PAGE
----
President Obama dined and slept last night in the largest city in the Americas. Mexico City pulsates with life, problems, and history.
La Capital is the city of the vainglorious General Santa Anna and the progressive Porfirio Díaz, who lamented, “Poor Mexico, so close to the U.S. and so far from God.”
The Halls of Montezuma, so named by Americans when U.S. troops captured the city and helped to complete our vision of Manifest Destiny, are there.
It is the city of the mighty Mexican nationalists, like Lázaro Cárdenas, and haughty Third World mandarins, like José López Portillo.
Since the early 1980s, Mexican presidents have drawn closer to the U.S. The “distant neighbor” became less distant; “intermestic” [international-domestic] issues keep us worrying about a common future. What hurts the U.S. hurts Mexico, and vice-versa.
President Obama’s Mexico visit inches the historical ball of cooperation forward and signals a certain leveling of the playing fields between nations. His watchwords seem to be: co-responsibility, no more arrogance, and gun-control for all!
Yet, in Mexico the president backed swiftly away from an open confrontation with U.S. voters who “cling to guns or religion or antipathy to people who are not like them.” He urged Mexico’s President Calderón to cool his ardor for the reinstatement of the expired ban on assault weapons and stressed the need for stepping up enforcement of existing laws, interdiction of southbound gun movements, and better forensic cooperation with the Mexicans.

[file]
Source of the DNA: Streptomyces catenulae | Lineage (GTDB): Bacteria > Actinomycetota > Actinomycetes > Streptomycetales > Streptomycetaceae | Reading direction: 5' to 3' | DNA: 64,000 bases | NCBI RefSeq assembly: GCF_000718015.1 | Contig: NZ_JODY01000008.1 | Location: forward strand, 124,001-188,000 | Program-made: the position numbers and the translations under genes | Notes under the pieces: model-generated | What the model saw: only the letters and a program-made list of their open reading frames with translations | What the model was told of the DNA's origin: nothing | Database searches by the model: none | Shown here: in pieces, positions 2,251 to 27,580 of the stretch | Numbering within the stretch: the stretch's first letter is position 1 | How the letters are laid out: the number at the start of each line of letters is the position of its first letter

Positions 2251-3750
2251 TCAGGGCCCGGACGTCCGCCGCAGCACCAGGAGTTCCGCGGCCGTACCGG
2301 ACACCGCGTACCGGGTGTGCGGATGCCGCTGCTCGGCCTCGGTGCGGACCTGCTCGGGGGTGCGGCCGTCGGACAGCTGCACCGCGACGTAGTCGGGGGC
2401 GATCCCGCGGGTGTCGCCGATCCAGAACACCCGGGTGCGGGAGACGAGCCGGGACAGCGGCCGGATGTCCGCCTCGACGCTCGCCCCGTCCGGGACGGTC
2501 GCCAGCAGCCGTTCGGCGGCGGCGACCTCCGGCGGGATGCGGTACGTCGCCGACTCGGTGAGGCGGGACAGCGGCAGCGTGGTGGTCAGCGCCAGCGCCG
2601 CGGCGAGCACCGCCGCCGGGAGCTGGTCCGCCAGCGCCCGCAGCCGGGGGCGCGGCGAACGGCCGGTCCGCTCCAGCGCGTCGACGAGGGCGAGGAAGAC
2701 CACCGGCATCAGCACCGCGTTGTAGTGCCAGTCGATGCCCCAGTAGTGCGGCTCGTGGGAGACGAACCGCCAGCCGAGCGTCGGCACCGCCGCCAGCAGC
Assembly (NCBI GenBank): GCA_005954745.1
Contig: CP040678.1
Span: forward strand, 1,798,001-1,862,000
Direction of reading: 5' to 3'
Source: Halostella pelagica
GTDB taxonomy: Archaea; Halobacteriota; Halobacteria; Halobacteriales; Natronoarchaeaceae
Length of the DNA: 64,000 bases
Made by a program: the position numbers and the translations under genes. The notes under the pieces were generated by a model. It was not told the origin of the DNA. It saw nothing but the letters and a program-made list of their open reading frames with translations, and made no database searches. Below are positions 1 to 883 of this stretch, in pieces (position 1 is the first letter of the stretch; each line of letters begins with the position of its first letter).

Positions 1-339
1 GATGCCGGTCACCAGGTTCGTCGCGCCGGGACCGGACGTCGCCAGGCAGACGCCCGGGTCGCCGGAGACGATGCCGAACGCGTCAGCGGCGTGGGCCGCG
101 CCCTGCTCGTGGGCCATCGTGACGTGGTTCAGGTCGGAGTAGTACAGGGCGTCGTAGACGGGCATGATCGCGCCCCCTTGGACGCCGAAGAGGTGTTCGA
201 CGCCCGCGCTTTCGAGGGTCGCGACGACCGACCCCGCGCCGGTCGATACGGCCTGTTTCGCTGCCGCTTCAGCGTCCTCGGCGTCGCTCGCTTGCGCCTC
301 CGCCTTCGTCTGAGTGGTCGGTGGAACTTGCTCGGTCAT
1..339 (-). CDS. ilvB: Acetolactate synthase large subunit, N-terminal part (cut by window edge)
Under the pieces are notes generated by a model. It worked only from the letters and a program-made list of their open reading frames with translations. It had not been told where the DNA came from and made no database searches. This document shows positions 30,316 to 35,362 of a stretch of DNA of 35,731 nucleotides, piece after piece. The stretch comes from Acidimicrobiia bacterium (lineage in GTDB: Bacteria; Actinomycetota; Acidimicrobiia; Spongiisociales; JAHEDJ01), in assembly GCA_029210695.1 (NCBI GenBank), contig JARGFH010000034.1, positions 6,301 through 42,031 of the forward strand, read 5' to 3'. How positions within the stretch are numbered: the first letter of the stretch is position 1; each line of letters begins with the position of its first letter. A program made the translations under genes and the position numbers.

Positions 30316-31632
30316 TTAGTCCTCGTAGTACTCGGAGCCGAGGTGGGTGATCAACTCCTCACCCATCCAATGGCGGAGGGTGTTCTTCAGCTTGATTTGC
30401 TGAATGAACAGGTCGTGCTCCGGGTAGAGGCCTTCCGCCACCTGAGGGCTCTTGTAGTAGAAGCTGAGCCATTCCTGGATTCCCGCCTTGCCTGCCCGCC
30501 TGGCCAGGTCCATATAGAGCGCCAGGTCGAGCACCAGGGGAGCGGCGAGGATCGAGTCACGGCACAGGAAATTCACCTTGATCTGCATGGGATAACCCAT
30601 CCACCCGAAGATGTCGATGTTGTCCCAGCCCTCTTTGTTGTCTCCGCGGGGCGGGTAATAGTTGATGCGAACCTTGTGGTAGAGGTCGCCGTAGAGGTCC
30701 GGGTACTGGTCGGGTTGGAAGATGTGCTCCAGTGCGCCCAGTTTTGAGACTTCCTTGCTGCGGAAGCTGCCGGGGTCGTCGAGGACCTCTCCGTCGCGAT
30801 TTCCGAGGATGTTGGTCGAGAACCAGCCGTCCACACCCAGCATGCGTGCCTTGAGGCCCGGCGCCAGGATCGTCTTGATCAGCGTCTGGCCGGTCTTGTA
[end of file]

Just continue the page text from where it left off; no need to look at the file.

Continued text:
Obama promised to push for ratification of an Organization of American States convention on firearms, an international instrument of debatable utility currently languishing in the Sargasso Sea of the Senate Foreign Relations Committee.
On border security, migration, trade, and real progress on energy issues, little progress appears to have been made. But the atmospherics appear to have been good.
President Obama made no major mistakes while in Mexico. His “we will do our part” pep talk was delivered with his customary charm and verbal skill. Yet, conciliatory watchwords cannot abolish a history of conflict, inequities, and clashing national sentiments that remain the stuff of U.S.-Mexican relations.
– Ray Walser is senior policy analyst for Latin America at the Heritage Foundation’s Douglas and Sarah Allison Center for Foreign Policy Studies.